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Parque Vía House is a modern, green Mexico City home

Parque Vía House is a modern, green Mexico City home

Parque Vía House unites modern design and leafy surrounds in Mexico City

Parque Vía House by Soler Orozco Arquitectos (SOA) invites you into a verdant corner of Mexico City’s Paseo de la Reforma

Mexico City’s Paseo de la Reforma may be best known as one of the city’s major, historic thoroughfares, but as it climbs westwards, it transforms and incorporates a leafy, linear park where ash, eucalyptus and jacaranda trees offer abundant shade and shelter from both natural and manmade elements. It’s here that Parque Vía House, a family residence completed earlier this year by Soler Orozco Arquitectos (SOA), is located. Encased in an elegant, concrete structure, the Mexican house boasts slender volumes, a rhythmic organisation of windows, wooden shutters and marble sills that convey a transparency while highlighting the repetition of the facade. Surrounded by its own flowering garden and shielded from passing traffic by greenery, the verdant haven easily makes one green with envy.

‘What inspired the design was to create a house that sat in a garden that seemed to have always been there, while granting every space of the house its own relationship to it,’ says Juan Soler, the firm’s principal. ‘We brought the garden into most of the spaces and were able to include water features, double-height spaces and greenery into our design.’

Modern Mexican house embraced by its green setting

Each room of the house blurs the line between interior and exterior, be it the entrance lobby with a single tree rising up through the double-height space and flanking the sculptural, winding staircase, to the open-air colonnade that faces a shallow reflecting pool. Even the garden exudes a similar quality, with landscaping overflowing from the central courtyard, blending the flowerbeds with plants that entwine upwards to connect the ground level with the green roof above the house’s reception room, which serves as a connection to the leafy canopy of the avenue, beyond the site itself.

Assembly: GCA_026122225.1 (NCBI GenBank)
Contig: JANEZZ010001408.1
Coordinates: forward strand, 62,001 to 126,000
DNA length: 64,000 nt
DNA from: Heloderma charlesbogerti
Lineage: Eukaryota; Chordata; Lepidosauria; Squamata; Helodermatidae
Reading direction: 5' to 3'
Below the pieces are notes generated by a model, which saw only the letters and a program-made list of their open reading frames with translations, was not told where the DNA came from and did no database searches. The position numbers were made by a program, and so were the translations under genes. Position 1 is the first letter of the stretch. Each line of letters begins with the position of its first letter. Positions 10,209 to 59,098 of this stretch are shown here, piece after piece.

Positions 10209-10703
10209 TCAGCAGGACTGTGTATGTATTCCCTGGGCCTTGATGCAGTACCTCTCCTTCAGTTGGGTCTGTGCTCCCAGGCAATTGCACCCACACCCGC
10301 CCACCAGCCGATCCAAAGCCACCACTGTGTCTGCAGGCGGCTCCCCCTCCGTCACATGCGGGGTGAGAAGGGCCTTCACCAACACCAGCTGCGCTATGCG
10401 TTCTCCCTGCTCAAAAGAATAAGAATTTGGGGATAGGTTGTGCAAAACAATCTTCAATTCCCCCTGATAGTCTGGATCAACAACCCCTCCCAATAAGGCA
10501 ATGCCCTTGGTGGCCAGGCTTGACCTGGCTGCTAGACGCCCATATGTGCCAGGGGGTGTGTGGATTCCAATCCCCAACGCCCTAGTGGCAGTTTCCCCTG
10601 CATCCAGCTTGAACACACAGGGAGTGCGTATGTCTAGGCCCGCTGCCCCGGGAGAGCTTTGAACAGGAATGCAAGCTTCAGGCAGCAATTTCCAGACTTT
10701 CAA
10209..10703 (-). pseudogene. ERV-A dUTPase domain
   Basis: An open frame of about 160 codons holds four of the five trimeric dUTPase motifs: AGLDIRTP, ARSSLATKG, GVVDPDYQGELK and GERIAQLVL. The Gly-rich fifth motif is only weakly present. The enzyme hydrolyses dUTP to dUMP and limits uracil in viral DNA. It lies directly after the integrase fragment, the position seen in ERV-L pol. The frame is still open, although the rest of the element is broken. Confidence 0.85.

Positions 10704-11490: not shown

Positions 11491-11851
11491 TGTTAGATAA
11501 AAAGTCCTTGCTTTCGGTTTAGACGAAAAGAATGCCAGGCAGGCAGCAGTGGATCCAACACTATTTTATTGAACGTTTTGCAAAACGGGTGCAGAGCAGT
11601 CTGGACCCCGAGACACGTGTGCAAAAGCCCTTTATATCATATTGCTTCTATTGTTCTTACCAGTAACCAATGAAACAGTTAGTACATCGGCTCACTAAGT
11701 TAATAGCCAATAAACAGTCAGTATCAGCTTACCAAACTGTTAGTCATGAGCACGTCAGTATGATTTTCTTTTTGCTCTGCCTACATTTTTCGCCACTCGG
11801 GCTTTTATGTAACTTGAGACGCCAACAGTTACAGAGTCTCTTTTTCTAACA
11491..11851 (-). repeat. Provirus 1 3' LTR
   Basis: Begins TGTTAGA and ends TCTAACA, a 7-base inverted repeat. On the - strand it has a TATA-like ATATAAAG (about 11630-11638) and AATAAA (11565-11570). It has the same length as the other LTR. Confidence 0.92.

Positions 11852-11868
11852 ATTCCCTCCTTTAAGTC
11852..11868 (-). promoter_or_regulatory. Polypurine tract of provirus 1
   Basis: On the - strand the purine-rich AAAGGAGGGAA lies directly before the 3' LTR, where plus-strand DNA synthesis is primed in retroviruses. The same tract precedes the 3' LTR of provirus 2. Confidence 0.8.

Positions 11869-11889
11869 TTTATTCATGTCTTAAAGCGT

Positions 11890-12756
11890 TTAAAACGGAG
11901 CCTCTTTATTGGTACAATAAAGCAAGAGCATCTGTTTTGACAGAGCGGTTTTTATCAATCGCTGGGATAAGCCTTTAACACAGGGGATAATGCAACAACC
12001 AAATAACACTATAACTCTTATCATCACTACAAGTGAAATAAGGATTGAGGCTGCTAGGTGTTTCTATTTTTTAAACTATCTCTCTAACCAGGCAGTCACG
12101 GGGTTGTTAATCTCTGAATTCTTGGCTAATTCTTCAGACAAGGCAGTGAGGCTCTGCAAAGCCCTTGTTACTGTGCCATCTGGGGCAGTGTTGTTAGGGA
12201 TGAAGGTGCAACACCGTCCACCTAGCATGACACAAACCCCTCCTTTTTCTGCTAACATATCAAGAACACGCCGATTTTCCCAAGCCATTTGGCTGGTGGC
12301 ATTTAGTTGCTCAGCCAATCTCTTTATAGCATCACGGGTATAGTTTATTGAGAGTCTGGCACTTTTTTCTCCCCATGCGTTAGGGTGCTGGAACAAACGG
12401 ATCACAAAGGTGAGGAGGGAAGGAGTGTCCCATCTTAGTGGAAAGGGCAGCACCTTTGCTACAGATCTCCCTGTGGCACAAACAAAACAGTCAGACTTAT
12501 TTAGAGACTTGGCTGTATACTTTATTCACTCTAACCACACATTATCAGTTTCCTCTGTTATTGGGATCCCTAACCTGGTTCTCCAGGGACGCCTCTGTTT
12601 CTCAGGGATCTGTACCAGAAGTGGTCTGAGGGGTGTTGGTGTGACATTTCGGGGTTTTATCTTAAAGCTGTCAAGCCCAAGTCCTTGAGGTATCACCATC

The statuesque composition of concrete, marble and lofty spaces means the house is well-ventilated and filled with natural light. Oriented around the reception room, the heart of the home where the clients can socialise with family and friends, the ground floor consists of an open-plan kitchen and multiple living areas, while the bedrooms are located upstairs. A separate gym and studio are located on the other side of the entrance lobby, and can be accessed via the terrace. 

‘The thinking behind the material palette was to use materials that are honest and authentic, whose qualities would help us bring light warmly into the house,’ says Soler. ‘We had a custom, warm light-grey coloured concrete designed for us, [that stays away from] falling into the white concrete category. We also chose natural oak in oil finishing, to expose the natural colour and texture of the grain, reflecting a warm light off their surface. Volcanic stones were chosen to bring out each other’s contrasting colour and texture.’

Throughout the home, well-considered details repeatedly unite form and function. The curvature of the staircase on the second floor, clad in vertical strips of Encino oak, offers an eye-catching contrast to the house’s otherwise linear design. Similarly, a round skylight embedded in the pitched roof filters soft, indirect light into the interior during both day and night for an ethereal effect at all times. Finished with large glass windows that can be opened to the outdoors, the Parque Vía House truly makes the case for tropical living. §